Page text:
The Holocaust in Ukraine

The Holocaust in the Reichskommissariat Ukraine.
The Holocaust in Ukraine

Kiev, Ukraine. June 23, 1941.

The Holocaust in Ukraine

Jews of Lubny


Operation Barbarossa

The goal of Operation Barbarossa was to capture all of the Russian industrial centers; destroy the Soviet army; and occupy the Ukraine and the surrounding region in order to exploit their natural resources.  The German-Soviet friendship had lasted just two years and in 1941 the Germans attacked Eastern Europe.  Transcarpathian Ruthenia came under control of the Hungarians and the Jews inhabiting that area shared the fate of Hungarian Jewry in 1944; the region of Transnistria came under the control of Romania and the Jews there were separated from the rest of the Reichkommissariat Ukraine as well.  The Nazi-occupied zone was divided into 6 parts: Wolhynien-Podolien; Shitomir; Kiev; Nikolajew; Dnjepropetrowsk; and the Crimea.  At least 900,000 of the 1,500,000 Jews living in these areas were exterminated, mostly by the Einsatzgruppen’s firing squads.  There was no dearth of torture nor rape in these areas as the Ukrainians often willingly collaborated with Nazi forces.

Ethnic Conflict Permeates

Although there was much anti-Semitism in the area, there was also an overwhelming sense of hatred between the Ukrainians and the Poles.  The latter would suffer a trying fate under the rule of the Nazis, but all turned their backs on the Jews.  The Ukrainians often collaborated wholeheartedly with the Nazi overlords – some attribute this aspirations of an independent state; others say financial gain – regardless, the results were brutal for their Jewish neighbors.
A quote from the diary of a Jew from Lvov:

In reality, they [The Ukrainians] hate only the Poles. They would love to stage a pogrom and slaughter them this very night, but instructions that had arrived earlier from the Nazi Ukrainians explicitly forbade any active hostile behaviour towards the Poles. So they redirect their base, primitive instincts at a safe target: at the Jews, Bolshevik lackeys.

Stanisław Różycki

June and July 1941, AŻIH (Archive of the Jewish Historical Institute, Warsaw), Ring. I/869

The Murder of Ukrainian Jewry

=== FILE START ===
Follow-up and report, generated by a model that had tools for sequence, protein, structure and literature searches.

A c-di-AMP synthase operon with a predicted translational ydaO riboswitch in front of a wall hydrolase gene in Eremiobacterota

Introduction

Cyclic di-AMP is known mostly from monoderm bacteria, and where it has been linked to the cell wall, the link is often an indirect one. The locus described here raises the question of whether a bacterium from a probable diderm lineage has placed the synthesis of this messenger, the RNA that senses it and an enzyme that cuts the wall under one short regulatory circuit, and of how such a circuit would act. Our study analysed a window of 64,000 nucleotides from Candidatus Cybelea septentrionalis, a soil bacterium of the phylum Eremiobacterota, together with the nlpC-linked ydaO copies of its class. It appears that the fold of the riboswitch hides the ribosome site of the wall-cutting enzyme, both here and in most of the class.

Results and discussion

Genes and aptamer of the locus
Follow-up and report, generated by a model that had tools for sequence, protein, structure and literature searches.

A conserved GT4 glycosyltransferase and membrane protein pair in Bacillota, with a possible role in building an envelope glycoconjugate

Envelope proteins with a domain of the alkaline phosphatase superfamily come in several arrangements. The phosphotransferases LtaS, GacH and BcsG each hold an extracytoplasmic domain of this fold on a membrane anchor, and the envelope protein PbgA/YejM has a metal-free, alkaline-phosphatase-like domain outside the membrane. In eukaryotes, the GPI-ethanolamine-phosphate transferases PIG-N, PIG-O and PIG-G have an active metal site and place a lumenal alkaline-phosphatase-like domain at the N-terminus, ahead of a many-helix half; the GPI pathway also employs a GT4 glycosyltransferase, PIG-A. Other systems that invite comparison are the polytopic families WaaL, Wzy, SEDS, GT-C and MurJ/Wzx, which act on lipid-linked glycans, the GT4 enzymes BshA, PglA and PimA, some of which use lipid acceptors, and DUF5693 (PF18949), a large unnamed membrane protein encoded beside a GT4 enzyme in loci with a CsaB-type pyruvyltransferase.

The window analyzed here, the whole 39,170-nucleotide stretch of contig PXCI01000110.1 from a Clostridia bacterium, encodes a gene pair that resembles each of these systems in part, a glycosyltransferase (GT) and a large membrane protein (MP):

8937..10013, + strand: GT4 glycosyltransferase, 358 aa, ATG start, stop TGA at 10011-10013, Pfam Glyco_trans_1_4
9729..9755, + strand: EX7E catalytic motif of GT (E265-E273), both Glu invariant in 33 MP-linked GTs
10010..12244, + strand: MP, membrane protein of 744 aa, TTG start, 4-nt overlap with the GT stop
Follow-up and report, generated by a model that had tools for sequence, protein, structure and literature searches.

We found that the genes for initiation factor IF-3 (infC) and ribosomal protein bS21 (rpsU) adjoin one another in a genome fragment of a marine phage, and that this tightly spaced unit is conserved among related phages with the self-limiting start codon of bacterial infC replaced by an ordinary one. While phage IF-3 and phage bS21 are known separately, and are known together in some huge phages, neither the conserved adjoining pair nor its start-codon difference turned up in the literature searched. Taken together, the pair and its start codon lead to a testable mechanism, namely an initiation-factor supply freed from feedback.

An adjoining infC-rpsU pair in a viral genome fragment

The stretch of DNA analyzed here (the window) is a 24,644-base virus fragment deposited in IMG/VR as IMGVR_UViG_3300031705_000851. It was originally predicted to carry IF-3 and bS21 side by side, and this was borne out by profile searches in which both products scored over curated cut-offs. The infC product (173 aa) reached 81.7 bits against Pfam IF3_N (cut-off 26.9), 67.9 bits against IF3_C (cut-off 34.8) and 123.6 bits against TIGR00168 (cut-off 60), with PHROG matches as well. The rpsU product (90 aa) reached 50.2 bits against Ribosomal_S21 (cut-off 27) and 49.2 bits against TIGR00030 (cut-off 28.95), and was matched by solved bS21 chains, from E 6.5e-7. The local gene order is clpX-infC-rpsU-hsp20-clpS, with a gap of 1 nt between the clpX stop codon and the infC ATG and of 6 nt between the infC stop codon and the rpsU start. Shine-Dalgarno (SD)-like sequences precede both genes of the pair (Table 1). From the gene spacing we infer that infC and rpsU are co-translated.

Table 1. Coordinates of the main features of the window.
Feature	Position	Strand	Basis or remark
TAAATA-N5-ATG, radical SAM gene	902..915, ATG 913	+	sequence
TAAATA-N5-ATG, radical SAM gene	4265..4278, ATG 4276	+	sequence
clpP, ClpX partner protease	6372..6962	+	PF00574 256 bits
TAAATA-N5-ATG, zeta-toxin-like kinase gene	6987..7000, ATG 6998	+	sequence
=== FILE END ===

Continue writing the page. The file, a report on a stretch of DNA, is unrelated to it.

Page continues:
One crucial aspect in understanding the fate of Jews is that the principle determinants of one’s survival as a Jew depended first and foremost on geographic location.  The extraneous factors, such as wealth and connection to the Soviet regime, were less important.

The front was first breeched by German Nazis on June 22, 1941 – a Sunday, and the longest day of the year.  The progression of the German troops into the USSR was shockingly fast, even the Nazis could not believe how quickly they were advancing towards Moscow.  This speed had a grave impact on the likelihood of survival with respect to geography: Jews living in the western areas of Ukraine were unable to escape the German onslaught, whereas Jews of eastern Ukraine were almost entirely evacuated.  Only about 50,000 Jews escaped from the western areas, whereas in central Ukrainian cities such as Kiev or Zhytomyr, over half of the Jews were able to take refuge behind Soviet lines.  In the far eastern areas of Ukraine, the SS arrived in cities that had just a fifth of their pre-war Jewish population.  About 70% of Jews in regions conquered after July, 1941, were able to flee with the Soviet troops.  

The Germans entered Lwow by the end of June, and had conquered Kiev by September.  By the time autumn came the only portion of the territory that remained under Soviet control was Odessa, which fell to the Romanians in November.  Indeed, by the end of the year the entire Ukraine was under Nazi control.  In the initial weeks of Operation Barbarossa, there were waves of violence against Jewish people.  Many of the participants were Ukrainians, who were taking out their feelings of anger at the Soviet Union, and were spurred on by Nazi propaganda.  Although the Germans were crucial in orchestrating the pogroms, it cannot be overstressed that the locals participated with glee.  In many cases the attacks against Jews were well underway before the Germans even got there; fed by their own anti-Semitic beliefs many Ukrainians did not need propaganda to set them off.  In many cities the pogroms were started under the pretense of seeking revenge on the Soviet forces, who had killed almost all of their prisoners as they retreated.  Upon opening up the NKVD jail cellars the mass of bodies of dead prisoners would be discovered and the entire population of local Ukrainian/Polish/Lithuanian people would retaliate against the Jews.  The most famous instance of that happening was in Lwow.  Even when some of the victims of the Soviets were Jews themselves, the evidence did not matter and the Jews were to pay for Bolshevism.